The US Secret Service has revealed plans for a test of facial recognition surveillance around the White House, with the goal of identifying “subjects of interest” who might pose a threat to the president. The document was published in late November, but the American Civil Liberties Union publicized its existence today. It describes a test that would compare closed circuit video footage of public White House spaces against a database of images — in this case, featuring employees who volunteered to be tracked.
The test was scheduled to begin on November 19th and to end on August 30th, 2019. While it’s running, film footage with a facial match will be saved, then confirmed by human evaluators and eventually deleted. The document acknowledges that running facial recognition technology on unaware visitors could be invasive, but it notes that the White House complex is already a “highly monitored area” and people can choose to avoid visiting. The US Secret Service didn’t immediately respond to a request for comment on whether the test is actually in operation.
Secret Service agents are already given photos to identify subjects of interest, who might be chosen based on social media posts, media reports, or “reports from concerned citizens.” If facial recognition is rolled out more broadly, it will serve as an automated version of that surveillance process.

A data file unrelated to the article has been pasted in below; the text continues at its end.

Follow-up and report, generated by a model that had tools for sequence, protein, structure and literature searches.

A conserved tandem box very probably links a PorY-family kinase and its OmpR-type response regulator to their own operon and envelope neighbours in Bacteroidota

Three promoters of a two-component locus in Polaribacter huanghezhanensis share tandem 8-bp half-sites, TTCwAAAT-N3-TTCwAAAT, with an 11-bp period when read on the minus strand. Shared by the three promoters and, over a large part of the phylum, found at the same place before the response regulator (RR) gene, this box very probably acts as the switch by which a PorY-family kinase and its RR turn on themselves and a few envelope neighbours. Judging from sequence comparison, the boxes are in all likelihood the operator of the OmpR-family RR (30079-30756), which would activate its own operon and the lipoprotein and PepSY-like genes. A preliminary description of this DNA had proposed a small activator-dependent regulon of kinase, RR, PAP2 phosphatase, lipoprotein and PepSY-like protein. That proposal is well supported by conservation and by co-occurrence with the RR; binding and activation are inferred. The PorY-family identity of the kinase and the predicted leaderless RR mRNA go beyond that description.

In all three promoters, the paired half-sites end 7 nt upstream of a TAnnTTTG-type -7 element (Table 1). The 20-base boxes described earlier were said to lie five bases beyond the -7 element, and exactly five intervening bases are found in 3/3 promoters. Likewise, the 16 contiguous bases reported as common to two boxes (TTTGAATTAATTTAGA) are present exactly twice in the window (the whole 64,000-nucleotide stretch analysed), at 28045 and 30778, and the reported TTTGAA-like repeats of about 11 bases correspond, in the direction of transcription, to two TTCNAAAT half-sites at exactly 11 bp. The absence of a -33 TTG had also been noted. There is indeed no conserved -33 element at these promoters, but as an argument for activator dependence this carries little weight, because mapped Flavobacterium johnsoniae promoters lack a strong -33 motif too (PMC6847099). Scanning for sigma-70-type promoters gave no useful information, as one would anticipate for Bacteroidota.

The ACLU says that the current test seems appropriately narrow, but that it “crosses an important line by opening the door to the mass, suspicionless scrutiny of Americans on public sidewalks” — like the road outside the White House. (The program’s technology is supposed to analyze faces up to 20 yards from the camera.) “Face recognition is one of the most dangerous biometrics from a privacy standpoint because it can so easily be expanded and abused — including by being deployed on a mass scale without people’s knowledge or permission.”
The Department of Homeland Security (which the Secret Service operates within) already uses facial recognition to scan passengers on international and domestic flights, and it may expand the program to more US airports over the coming years. Meanwhile, some police departments have used a facial recognition tool built by Amazon, called Rekognition, to scan real-time camera footage against mugshots.
These systems can make significant errors: one test falsely matched 28 members of Congress to mugshots last year. That’s not necessarily a problem, if the results are corrected by humans later. But if these tools become ubiquitous, it could lead to some people being mistaken (if only temporarily) for wanted criminals.
Legislators have sent Amazon multiple letters requesting information about Rekognition — the most recent, sent last week, cited “serious concerns that this type of product has significant accuracy issues, places disproportionate burdens on communities of color, and could stifle Americans’ willingness to exercise their First Amendment rights in public.”
As the ACLU writes, the Secret Service isn’t just tasked with protecting the White House. So if it incorporates facial recognition into its regular arsenal of defense, it could end up being deployed anywhere that a president or vice-president travels — which makes it an important issue even for people who won’t ever visit the White House.